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What Foodies Eat: Margaretha Untoro

What Foodies Eat: Margaretha Untoro

FoodieS Team
28 July 2022


Working as the Head of Communication for Museum MACAN, Margaretha Untoro, have an extensive experience and knowledge in the media industry and fashion, art, and lifestyle. Aside from practicing yoga in her spare time, she loves to cook and bake.


Hi! Can you tell us a bit about yourself and your day-to-day activities?

Hello! I am an amateur/seasonal home cook who loves to eat, and my day job is as Head of Communications in Museum MACAN. My day-to-day activities revolve around communications, media, and marketing strategy for the museum, while in my spare time, I like to cook or bake and practice yoga.

Do you have any go-to venues for hanging out with friends or maybe for special occasions with family?

Hanging out place would be Akar Jakarta and my own apartment (because we can chill for as long as we want to). If it’s family, we usually go to Pu Tien and Hokkaido Izakaya because my mom loves them.

What is the most unforgettable food experience you have ever had? 

When I was in Tokyo a few years ago, I was invited to an omakase dinner in this tiny and nondescript place, somewhere in the Ebisu area. The host ordered sake, and we (the guests) got to pick our own glassware to drink it from. The colorful and intricate cups were handmade of Edo-kiriko (Edo-style cut glass); they were some of the most amazing and beautiful glassware I have ever seen. After everyone picked their cups, the sake was poured, and we all cheered to drink. Oddly, the host didn’t drink with us. 

After a few rounds of “kanpai!”—and us as the guest feeling a bit confused because they just smiled when we asked them to drink with us—I finally poured them the sake to “force” them to drink with us. 

Well, turned out that was what we were supposed to do from the start. Tradition says that one cannot pour sake into their own cup, so it has to be done by the dining companion! Aside from that small cultural shock (sort of), the food served was incredible. It was springtime, so the chef cooked fresh produce from that time of the year, from delicate absolutely vegetable shoots tempura to sashimi assortment (including fish sperm sack, which I did not touch). There was a lot of food, and we even went home with the rice dish leftover (rice cooked with bamboo shoots and soy sauce—very delicious), which the chef turned into onigiris for us. No one was drunk (this was maybe a bit unusual by Japanese business dinner standards), and no one smuggled the pretty Edo-kiriko cups home.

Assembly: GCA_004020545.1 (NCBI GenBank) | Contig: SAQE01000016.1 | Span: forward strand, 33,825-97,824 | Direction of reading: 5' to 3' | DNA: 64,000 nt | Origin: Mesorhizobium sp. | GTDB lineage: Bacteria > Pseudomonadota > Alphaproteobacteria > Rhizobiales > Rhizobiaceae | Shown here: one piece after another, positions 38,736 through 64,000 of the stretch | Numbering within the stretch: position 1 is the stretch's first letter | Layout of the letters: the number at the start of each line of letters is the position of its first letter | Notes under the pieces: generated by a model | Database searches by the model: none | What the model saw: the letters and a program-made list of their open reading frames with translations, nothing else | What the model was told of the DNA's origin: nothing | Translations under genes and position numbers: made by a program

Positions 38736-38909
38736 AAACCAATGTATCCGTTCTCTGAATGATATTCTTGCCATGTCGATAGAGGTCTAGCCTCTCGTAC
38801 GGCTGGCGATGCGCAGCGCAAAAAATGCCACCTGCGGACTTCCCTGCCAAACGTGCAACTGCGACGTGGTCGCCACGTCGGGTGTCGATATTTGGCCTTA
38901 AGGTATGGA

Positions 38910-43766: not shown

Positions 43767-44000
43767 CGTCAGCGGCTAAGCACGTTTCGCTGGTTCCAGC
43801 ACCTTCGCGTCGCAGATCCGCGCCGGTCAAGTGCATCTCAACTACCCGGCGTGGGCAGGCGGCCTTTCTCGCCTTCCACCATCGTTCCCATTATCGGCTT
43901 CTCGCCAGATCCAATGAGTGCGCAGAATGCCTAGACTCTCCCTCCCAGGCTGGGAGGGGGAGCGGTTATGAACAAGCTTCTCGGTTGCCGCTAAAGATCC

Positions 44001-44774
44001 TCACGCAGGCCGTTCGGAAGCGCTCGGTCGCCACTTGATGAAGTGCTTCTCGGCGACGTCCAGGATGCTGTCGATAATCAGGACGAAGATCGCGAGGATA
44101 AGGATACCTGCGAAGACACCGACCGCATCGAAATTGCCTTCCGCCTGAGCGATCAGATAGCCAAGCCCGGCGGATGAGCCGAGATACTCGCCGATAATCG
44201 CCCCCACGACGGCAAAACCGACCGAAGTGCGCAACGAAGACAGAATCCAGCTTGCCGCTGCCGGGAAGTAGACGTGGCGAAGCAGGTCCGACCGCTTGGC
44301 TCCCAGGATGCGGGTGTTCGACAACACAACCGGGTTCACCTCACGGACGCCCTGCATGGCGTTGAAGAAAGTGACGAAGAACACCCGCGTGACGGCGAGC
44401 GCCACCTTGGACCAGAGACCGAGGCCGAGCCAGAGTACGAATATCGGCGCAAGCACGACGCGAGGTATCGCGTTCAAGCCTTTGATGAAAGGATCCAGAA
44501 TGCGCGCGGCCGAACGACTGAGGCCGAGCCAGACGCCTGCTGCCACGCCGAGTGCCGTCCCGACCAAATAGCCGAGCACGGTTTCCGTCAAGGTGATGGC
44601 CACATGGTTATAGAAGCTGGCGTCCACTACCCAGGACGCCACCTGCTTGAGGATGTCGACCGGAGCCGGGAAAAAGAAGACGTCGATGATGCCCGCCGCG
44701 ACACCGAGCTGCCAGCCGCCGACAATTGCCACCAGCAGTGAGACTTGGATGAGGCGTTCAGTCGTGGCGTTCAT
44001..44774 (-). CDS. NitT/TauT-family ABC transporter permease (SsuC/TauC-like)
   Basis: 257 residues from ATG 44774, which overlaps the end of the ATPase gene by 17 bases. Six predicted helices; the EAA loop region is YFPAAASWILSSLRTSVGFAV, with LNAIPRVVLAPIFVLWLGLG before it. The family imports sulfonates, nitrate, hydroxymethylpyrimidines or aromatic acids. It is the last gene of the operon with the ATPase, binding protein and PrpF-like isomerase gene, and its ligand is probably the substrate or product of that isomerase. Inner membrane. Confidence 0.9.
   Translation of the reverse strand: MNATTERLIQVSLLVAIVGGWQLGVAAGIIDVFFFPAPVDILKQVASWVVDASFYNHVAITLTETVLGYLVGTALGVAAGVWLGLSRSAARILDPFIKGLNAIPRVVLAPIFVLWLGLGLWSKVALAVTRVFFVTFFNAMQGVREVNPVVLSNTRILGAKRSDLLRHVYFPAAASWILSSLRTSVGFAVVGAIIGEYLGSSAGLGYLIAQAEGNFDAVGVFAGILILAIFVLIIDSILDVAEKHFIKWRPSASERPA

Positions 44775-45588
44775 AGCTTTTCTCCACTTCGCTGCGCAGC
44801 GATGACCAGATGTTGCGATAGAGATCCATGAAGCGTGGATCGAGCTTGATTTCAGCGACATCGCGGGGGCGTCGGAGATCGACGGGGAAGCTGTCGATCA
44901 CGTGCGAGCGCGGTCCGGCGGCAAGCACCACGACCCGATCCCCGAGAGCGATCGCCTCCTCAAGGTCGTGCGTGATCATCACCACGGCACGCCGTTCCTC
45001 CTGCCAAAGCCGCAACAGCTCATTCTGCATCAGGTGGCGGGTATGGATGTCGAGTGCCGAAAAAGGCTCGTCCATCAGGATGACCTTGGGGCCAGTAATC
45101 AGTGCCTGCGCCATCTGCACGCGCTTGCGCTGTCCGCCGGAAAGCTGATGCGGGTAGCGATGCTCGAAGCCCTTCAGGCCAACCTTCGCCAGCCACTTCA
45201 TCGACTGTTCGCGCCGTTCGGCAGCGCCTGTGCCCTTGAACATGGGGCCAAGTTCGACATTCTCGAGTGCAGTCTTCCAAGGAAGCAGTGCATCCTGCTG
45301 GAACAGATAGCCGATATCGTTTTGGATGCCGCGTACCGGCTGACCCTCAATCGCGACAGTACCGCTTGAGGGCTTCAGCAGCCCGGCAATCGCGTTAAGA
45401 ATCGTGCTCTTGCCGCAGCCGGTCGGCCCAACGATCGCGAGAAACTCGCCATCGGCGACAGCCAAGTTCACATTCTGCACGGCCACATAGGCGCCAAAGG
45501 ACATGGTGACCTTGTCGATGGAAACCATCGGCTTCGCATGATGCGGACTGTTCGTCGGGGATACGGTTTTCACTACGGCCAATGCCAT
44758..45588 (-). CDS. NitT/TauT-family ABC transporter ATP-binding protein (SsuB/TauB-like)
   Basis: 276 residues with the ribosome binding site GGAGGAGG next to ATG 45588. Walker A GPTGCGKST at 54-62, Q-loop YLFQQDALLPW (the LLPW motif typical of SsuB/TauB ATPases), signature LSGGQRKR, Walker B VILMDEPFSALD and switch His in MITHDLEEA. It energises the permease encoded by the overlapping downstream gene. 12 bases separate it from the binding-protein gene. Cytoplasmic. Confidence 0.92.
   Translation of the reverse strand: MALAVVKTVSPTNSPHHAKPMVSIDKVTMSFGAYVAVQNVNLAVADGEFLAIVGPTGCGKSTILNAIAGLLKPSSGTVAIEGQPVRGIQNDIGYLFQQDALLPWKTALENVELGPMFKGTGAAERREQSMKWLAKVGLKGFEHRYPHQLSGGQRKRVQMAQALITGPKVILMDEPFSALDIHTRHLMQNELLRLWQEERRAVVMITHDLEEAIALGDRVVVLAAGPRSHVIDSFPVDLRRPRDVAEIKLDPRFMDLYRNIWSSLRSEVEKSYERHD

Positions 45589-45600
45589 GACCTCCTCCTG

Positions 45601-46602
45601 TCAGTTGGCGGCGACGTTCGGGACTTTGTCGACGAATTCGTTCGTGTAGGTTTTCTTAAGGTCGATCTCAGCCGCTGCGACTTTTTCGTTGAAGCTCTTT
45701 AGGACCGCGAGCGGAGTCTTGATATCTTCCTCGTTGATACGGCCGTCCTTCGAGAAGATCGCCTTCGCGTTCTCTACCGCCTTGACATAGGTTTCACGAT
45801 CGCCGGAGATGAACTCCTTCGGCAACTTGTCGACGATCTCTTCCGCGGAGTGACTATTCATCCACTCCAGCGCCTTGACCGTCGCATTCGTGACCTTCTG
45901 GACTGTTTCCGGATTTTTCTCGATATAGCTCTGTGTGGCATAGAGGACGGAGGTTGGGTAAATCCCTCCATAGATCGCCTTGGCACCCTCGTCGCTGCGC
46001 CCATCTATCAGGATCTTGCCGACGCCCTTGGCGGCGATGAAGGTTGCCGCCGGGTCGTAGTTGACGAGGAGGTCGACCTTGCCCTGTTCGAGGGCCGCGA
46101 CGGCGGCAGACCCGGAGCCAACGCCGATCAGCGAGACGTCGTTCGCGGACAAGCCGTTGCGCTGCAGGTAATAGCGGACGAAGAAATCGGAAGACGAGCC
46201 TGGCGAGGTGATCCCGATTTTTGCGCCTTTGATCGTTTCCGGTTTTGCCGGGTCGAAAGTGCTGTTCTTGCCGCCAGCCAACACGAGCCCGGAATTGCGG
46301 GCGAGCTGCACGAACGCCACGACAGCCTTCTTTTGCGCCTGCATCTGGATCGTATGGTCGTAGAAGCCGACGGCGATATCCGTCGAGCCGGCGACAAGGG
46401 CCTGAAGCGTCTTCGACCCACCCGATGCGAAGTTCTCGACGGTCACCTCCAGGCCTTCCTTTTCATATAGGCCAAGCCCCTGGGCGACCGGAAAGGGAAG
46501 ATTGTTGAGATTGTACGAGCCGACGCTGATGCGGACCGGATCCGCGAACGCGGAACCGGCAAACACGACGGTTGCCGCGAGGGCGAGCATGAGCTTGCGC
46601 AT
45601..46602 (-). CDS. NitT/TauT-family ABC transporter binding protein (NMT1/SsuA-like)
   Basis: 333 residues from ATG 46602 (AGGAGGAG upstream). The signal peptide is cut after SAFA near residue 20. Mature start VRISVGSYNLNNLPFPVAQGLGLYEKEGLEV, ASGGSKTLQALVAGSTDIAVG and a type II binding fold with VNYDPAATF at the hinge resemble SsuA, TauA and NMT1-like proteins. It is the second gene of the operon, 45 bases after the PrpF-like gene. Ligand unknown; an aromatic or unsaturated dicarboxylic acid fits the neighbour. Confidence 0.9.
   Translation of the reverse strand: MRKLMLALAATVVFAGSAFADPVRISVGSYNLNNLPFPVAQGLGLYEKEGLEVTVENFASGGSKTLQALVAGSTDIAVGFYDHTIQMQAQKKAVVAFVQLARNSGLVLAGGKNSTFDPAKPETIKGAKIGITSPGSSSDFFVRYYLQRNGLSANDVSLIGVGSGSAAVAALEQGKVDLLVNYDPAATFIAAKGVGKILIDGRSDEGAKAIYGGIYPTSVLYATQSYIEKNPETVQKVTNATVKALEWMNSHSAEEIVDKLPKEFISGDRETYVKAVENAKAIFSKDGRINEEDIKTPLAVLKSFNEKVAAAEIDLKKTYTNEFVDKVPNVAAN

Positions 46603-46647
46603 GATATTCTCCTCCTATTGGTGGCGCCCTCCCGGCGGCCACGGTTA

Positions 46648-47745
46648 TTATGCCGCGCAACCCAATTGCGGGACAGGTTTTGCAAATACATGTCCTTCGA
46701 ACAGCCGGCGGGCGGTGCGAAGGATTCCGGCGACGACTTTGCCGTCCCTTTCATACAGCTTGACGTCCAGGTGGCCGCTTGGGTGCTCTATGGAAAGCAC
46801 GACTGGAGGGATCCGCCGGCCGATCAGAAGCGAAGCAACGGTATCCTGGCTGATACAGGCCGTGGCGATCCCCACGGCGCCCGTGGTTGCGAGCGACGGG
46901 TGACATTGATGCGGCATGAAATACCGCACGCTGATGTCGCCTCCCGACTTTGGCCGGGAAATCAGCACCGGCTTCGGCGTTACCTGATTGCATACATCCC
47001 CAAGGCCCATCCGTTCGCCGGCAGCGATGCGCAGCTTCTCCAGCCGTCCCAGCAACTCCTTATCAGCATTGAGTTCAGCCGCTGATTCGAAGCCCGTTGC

What is your most recent dining destination that left a good impression? (high-end, upmarket, and street food)

High-End: Belcanto by José Avillez in Lisbon.

Upmarket: A Cevicheria by Chef Kiko, Lisbon; Habitual by Ricard Camarena, Valencia; Mil’s Kitchen, Jogjakarta, and Thien Thien Lai in Glodok, Jakarta.

Street Food: Gudeg Ibu Kota, Jogjakarta; Pecel Balqis, Jakarta (this was ordered via gojek)

What usually attracts you to visit a place to eat? 

I like low-key, hole-in-the-wall places. For more upmarket/contemporary restaurants, I love places that use fresh local ingredients more. I am always eager to try plant-based/vegan places (or catering like @plant2plate) and small pastry places/bakeries.

After a busy day, what drink do you choose for a relaxing time? And why do you prefer that drink? 

Water? Hahaha. I used to drink more but lately, I save it for special occasions. But in the past years, I have been very into natural wines, especially orange wines, for their funky characteristic.

What are your favorite local dishes, and where do you go to eat them?

Too many to mention; I love Indonesian food. But if I have to choose, it’s Nasi Ulam, Pecel, Karedok, and Bakmi. 

For Nasi ulam I ordered from Alice (@alicecookiesncakes), they also make great bihun kangkung and killer gemblong pandan. I have nowhere particular place to order Pecel, but I often order from Nasi Pecel Mandor, Thamrin, because it’s very near to my place. My go-to for Karedok are Karedok Mak, Sang Timur (found it on gofood). And for Bakmi, there are too many to choose from; I can’t point to just one place, hahaha. 

Is there any food you can eat every day without getting bored?

Maybe Pecel Sayur and Nasi Ulam. A good bread. Blueberries and cantaloupe. Can I also say Nasi Uduk and Nasi Campur or Rames Medan because of the variety of condiments? Haha

Where are your top three dining places that you will always be on your favorite list?

Bakmi Akong, Muara Karang. Beautika. Hokkaido Izakaya.

In the past few years, we have seen a lot of unique food trends; which food trend do you like the most, and where do you usually get them? 

I hardly follow these trends because I don’t really like queuing for food that I don’t know if I will like or not. In my opinion, most trending and “grammable” food places offer more style than substance. I liked croffle, although I hardly ever buy them from “famous” places because they’re usually covered in a crazy amount of sugar. Frankly, the best croffle was the one I made using fresh croissant dough from a friend’s bakery (I refuse to make croissants from scratch, which is too much work, haha). I basically love pressing anything in my waffle machine, really. The best ones so far are the PB&J sandwich and kimchi cheese sandwich.

What is your go-to recipe for a busy day?

Instant noodle with A LOT of fresh veggies, or sandwich (PBJ or cheese or whatever I have in the fridge), or simply just a toast—a good one.

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